Research News

Binge Drinking and The Kudzu Cure

  • Playlist
  • Download
  • Embed
    <iframe src="" width="100%" height="290" frameborder="0" scrolling="no" title="NPR embedded audio player">
  • Transcript

New research shows that consuming extract of kudzu root may help reduce binge drinking. But the reason may be that kudzu improves circulation, delivering the effects of alchohol more efficiently to the brain.


This is WEEKEND EDITION from NPR News. I'm Scott Simon.

News this week of a possible natural therapy for binge drinking. Researchers at McLean Hospital near Boston report that an extract of the kudzu vine reduced the amount of alcohol consumed by test subjects. Kudzu is best known as a nuisance weed in the southern United States where it chokes off other plants. The scientists invited a group of heavy drinkers into a studio apartment and told them to watch TV and crack open a few beers. What some people won't do for medical science. Those given the kudzu extract seemed to drink fewer beers, maybe because kudzu increases blood flow and delivers alcohol to the brain more quickly.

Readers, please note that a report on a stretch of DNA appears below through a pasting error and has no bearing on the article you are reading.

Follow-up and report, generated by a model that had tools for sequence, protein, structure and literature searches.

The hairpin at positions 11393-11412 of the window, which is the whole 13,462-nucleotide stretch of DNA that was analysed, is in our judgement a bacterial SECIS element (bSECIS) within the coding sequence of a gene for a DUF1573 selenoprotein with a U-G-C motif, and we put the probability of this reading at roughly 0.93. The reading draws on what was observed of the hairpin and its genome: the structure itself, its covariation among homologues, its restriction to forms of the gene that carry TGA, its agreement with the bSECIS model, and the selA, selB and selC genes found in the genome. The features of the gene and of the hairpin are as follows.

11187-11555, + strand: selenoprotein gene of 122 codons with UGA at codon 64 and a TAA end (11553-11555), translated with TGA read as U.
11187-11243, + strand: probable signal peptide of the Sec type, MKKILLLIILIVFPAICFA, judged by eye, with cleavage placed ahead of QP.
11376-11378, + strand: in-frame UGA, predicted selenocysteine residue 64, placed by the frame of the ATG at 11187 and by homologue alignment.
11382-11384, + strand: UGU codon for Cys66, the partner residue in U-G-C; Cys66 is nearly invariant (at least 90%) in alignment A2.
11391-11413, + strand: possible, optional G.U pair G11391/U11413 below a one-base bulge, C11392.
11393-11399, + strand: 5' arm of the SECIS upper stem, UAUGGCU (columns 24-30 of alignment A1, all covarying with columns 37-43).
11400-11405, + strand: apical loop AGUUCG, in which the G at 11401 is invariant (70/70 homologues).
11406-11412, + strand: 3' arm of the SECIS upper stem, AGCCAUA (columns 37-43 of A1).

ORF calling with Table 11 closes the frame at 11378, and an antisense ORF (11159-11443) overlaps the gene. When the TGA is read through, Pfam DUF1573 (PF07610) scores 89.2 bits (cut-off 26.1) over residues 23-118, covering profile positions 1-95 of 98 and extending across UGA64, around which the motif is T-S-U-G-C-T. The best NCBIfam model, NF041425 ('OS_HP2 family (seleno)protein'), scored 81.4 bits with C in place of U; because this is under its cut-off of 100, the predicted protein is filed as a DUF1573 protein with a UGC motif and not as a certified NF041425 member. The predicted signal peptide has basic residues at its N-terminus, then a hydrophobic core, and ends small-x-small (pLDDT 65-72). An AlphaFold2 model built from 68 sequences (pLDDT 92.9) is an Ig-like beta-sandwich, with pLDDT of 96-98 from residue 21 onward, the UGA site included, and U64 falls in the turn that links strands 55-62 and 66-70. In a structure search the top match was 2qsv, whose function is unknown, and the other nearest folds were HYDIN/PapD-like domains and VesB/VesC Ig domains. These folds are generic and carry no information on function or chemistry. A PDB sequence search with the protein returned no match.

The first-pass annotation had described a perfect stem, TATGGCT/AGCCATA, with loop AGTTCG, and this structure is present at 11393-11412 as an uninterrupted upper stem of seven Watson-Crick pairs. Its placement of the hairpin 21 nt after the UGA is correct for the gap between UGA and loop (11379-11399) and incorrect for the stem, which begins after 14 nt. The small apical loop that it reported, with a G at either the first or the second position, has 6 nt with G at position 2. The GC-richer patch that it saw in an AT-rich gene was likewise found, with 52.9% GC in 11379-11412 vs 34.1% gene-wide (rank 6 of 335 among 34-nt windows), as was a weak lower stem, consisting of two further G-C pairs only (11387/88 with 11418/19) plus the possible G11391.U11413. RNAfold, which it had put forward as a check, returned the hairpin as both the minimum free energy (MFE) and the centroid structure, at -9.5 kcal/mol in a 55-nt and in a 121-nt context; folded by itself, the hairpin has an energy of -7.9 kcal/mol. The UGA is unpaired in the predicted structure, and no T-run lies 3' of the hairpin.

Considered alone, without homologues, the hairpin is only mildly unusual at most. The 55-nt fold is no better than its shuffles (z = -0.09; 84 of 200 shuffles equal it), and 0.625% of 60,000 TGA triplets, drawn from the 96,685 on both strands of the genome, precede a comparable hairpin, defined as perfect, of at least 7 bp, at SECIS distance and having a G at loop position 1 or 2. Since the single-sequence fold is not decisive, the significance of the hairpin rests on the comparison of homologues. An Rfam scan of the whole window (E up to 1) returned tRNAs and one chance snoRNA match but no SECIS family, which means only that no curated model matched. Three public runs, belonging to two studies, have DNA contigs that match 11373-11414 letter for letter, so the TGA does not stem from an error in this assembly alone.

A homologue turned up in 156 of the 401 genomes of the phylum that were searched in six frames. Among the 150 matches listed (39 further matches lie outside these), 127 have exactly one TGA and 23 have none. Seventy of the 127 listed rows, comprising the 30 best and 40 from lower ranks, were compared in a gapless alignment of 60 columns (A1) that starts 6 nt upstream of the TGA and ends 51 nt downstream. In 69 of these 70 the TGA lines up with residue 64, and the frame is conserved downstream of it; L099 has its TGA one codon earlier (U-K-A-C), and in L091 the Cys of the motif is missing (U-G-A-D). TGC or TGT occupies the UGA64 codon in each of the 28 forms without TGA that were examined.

(Disguising voice) Try Kudzu Brew, less sips, more stupid!

(Soundbite of music)

SIMON: Coming up, a story of death and survival 9,000 feet below the ground.

(Soundbite of music)

Copyright © 2005 NPR. All rights reserved. Visit our website terms of use and permissions pages at for further information.

NPR transcripts are created on a rush deadline by a contractor for NPR, and accuracy and availability may vary. This text may not be in its final form and may be updated or revised in the future. Please be aware that the authoritative record of NPR’s programming is the audio.



Please keep your community civil. All comments must follow the Community rules and terms of use, and will be moderated prior to posting. NPR reserves the right to use the comments we receive, in whole or in part, and to use the commenter's name and location, in any medium. See also the Terms of Use, Privacy Policy and Community FAQ.

NPR thanks our sponsors

Become an NPR sponsor

Support comes from